[lit-ideas] Humanism as a Social Construction

  • From: Jlsperanza@xxxxxxx
  • To: lit-ideas@xxxxxxxxxxxxx
  • Date: Sat, 17 Nov 2007 19:38:33 EST

-- Now, I would also think, inspired by comments by Wager, that it may be  
possible to see Humanism as a 'social construction', i.e. as a rather 
artificial 
 philosophy that started in the Renaissance.
 
In that sense, 'Analytic Philosophy' would _not_ be humanist. Why, I've  
studied analytic philosophy for some time (I have hardly studied anything else) 
 
and we _never_ did study the concept 'man'. [Although I did have a course 
called  "Philosophical Anthropology" where the tutor, a German, was into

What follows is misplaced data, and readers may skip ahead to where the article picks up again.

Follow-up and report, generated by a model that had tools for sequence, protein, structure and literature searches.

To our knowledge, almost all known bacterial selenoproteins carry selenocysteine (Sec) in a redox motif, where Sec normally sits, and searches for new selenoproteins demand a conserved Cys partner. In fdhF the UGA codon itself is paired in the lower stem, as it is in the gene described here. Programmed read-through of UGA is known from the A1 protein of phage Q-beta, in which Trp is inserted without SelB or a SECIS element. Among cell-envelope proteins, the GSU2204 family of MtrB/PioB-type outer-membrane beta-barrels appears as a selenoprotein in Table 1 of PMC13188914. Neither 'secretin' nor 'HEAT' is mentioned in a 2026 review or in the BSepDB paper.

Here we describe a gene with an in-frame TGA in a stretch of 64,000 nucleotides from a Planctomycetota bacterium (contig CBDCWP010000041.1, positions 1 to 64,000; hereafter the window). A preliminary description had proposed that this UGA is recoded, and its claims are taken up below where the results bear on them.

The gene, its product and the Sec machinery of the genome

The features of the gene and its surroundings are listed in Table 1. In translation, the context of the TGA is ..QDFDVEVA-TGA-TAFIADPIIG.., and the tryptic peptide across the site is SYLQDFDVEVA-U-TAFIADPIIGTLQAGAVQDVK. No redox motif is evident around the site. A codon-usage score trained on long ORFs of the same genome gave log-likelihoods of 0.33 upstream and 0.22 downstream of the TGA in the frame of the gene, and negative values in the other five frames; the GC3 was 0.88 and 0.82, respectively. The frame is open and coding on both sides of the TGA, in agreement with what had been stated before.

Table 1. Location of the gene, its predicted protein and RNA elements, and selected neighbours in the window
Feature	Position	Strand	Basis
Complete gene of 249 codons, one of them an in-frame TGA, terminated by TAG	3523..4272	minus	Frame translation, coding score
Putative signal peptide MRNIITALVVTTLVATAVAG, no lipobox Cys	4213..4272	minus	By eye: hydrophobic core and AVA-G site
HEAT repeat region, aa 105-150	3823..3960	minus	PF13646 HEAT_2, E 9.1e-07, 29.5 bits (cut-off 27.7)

anti-humanism,  "Die Mensch" in the anthropobiological sense that he saw 
humanity as a  
_disease_.
 
On the other hand, in later writings, H. P. Grice, the epitome of analytic  
philosophy, became a sort of humanist, when he would say that while the concept 
 'man' is extensional, the concept 'human' is INTENSIONAL. There is a  
transcendental gap between one class and the other, made by axiological means.  
That 
while it would not be immoral to kill _men_, it would be immoral to kill  
_humans_. 
 
Cheers,
 
JL
   Buenos Aires, Argentina
      author of "Self-Made Man: The Historical  Origins of Humanism"



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